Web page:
written by Wendy McDonnell
Inspired by hearing others speak about their mothers, I was thinking about the things my Mom used to say. You’ve probably heard these before. Maybe, like me, you’ve caught yourself saying them yourself.
Don’t make me stop this car.
Close that door! We don’t live in a barn!
Stop crying or I’ll give you something to cry about.
This hurts me more than it hurts you.
Now that I am a mom and love my Mom very much, I wanted to try my hand at translating her words.
I share this because I want to love and understand my Mom. Perhaps this’ll resonate with you too.
I’m overwhelmed and doing the best I can do.
I’m saying the things that others said to me because I think I should.
Those are the only words coming to me when I feel stressed and exhausted.
I’m afraid, vulnerable, and afraid to tell you how I’m feeling and ask for what I need.
I don’t have all the answers and I think I should.
I’m uncomfortable asking for help. I want to trust that my needs matter.
My Mom died 6 years ago. I wish I could ask her if that’s what she meant.
“Could a greater miracle take place than for us to look through each other’s eyes for an instant?” Henry David Thoreau
“The key is to not resist or rebel against emotions or to try to get around them by devising all sorts of tricks; but to accept them directly, as they are.” Takahisa Kora
We can create the space to engage with each other when we are in conflict so we can look through each other’s eyes. When two or more people live together, conflict is inevitable. Sure, some conflict is preventable. Some is not. Why not prepare to engage conflict? We have food in our fridge for times when we feel hungry or ask for a hug when we need closeness. Conflict also needs space and a plan.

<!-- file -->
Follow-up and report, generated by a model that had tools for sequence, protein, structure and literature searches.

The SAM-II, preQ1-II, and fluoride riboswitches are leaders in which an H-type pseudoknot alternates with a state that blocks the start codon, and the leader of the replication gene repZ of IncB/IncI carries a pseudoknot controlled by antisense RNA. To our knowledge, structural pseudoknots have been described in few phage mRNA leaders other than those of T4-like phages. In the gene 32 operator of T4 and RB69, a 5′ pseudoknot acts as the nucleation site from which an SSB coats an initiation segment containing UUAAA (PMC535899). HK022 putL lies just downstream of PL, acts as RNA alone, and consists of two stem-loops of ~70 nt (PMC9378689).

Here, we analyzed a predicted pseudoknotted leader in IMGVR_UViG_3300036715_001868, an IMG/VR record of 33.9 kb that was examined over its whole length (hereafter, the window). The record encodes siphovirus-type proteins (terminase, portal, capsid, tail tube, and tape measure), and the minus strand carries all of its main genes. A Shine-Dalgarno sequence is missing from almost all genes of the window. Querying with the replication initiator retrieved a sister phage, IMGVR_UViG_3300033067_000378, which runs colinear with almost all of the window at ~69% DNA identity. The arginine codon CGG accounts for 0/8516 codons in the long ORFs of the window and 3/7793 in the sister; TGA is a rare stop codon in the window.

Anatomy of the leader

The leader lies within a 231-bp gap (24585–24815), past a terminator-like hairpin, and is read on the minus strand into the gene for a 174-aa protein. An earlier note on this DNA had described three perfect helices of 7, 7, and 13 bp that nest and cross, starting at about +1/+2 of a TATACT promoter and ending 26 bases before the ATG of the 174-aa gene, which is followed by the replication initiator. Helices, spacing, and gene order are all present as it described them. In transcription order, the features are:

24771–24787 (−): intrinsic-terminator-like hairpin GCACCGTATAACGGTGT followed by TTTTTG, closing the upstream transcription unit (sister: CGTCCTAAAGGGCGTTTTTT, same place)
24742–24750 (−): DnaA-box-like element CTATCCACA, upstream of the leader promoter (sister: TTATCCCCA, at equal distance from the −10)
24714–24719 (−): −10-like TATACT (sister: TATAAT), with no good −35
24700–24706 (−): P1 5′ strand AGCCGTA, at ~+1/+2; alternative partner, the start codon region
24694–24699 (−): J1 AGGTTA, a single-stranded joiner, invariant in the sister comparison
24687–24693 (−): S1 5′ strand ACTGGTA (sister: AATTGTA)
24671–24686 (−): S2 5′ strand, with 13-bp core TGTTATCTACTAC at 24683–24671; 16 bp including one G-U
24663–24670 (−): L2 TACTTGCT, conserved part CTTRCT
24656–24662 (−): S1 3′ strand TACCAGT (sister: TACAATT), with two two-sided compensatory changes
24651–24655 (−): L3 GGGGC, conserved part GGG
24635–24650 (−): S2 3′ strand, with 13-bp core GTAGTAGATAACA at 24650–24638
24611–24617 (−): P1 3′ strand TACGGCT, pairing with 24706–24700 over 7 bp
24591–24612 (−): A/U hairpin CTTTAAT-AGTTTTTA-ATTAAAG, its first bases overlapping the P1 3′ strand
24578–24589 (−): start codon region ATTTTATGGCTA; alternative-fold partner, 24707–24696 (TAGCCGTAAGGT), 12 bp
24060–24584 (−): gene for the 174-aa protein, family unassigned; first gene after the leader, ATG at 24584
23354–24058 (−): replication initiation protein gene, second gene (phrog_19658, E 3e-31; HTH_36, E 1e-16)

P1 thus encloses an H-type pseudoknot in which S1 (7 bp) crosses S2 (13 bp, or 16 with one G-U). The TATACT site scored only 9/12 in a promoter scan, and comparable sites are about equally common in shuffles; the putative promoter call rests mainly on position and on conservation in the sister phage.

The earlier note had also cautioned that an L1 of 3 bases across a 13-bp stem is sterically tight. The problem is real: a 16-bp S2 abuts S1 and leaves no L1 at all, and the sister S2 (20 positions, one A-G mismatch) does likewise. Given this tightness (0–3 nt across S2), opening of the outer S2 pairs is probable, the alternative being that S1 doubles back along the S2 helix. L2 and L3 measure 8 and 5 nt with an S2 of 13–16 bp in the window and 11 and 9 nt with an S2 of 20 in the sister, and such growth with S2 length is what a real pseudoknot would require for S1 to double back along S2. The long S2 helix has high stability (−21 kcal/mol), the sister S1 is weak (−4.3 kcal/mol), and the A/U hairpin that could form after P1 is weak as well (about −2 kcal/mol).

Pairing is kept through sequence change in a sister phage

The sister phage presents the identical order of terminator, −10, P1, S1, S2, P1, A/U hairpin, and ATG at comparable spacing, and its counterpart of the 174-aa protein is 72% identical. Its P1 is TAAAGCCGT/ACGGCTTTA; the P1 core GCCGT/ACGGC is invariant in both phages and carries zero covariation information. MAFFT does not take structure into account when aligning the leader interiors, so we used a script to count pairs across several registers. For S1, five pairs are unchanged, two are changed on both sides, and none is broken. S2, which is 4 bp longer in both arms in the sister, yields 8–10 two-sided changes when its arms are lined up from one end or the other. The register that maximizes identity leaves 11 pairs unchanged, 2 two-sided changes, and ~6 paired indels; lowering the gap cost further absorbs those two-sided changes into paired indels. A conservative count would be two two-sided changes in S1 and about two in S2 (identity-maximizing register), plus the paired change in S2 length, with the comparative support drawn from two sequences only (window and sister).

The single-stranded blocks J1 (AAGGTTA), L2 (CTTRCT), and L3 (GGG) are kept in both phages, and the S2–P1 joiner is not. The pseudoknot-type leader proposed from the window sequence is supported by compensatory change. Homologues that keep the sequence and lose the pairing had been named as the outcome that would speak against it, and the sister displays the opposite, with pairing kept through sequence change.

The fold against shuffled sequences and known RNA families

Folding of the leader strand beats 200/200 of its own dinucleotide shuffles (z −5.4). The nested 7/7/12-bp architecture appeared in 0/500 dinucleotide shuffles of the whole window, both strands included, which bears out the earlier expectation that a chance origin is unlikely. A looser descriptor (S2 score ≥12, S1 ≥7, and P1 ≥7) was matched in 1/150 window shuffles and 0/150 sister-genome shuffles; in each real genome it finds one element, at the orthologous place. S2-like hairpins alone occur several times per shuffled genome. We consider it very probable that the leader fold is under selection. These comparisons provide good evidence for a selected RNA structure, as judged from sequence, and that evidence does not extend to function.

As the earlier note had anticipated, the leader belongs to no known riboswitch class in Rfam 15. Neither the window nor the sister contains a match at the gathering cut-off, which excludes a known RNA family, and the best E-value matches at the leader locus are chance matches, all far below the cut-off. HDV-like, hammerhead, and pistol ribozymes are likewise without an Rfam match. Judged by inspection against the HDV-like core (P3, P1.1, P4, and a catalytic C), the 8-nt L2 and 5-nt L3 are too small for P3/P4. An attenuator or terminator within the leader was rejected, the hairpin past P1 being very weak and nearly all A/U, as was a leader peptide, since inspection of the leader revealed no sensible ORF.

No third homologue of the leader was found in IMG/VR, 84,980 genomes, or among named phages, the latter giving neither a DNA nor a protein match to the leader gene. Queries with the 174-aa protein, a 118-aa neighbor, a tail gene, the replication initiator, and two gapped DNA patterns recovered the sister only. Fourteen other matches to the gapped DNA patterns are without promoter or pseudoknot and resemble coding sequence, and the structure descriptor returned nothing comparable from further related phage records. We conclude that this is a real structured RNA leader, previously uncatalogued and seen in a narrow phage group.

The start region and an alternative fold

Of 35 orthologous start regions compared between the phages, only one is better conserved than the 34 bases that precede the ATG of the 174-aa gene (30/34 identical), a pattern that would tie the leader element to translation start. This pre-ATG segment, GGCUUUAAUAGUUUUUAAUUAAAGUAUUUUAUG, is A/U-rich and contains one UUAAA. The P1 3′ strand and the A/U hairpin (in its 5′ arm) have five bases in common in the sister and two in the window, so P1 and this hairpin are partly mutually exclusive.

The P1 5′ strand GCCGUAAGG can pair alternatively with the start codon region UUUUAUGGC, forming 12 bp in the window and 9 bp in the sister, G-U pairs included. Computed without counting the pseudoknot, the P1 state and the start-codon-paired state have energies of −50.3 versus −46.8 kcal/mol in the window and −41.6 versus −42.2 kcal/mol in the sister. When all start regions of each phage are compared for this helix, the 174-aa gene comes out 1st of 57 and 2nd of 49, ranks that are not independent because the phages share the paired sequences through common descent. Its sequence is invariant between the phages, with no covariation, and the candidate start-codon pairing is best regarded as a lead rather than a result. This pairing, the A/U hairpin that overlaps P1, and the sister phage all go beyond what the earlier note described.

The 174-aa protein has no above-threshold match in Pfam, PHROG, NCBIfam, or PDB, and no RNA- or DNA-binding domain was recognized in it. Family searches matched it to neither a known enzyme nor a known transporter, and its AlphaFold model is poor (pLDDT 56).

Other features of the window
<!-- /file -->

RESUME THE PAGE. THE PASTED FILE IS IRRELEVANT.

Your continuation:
Dominic Barter speaks about Restorative Circles (www.restorativecircles.org) a Restorative Justice model developed in Brazil. It’s been a very creative and compassionate way to engage with painful conflict in our family.
Dominic Barter writes:
“It is common for our responses to conflict to be organised around the desire to bring security and healing to those involved, and thus to focus on resolving conflict. This seems obvious only because it is a given for most people that conflict is problematic…Restorative Circles engage non-adversarily with the complex and often intense reactions to what was done. …They then seed new action. One consequence of this is to see conflict not as something that needs to be changed or managed, but as the expression of crucial feedback about personal and communal well being.”
Read the whole Restorative Circles Blog Post by Dominic Barter: Dedicated Spaces for Having Conflict and the video (4 mins, 42 seconds) http://www.restorativecircles.org/dedicated-spaces-for-having-conflict
Conflict is not the problem. Conflict alerts us that we have something very important to fight about. What do we value? What are we drawn to? Translating our words and actions into what’s important for us can help us to move from conflict to taking care of ourselves and our relationships.
Perhaps my mother may have said, “I’m feeling scared when I hear that volume in the car. Safety is important to me. Would you be willing to use a talking voice while we’re driving? Otherwise, I will park this car until I feel safe to go.”
If I had noticed my mother’s pursed lips, I may have asked, “Do you feel overwhelmed by our yelling because you want to drive safely? Hey everyone! Let’s keep our voices down until we get to the park!”
After that, if the conflict remains, I have hope that we can gather to talk about what we were looking for when we did what we did and share how we are about that now.
What space does conflict have in your family?
“Bring love into your home for this is where our love for each other must start.” Mother Teresa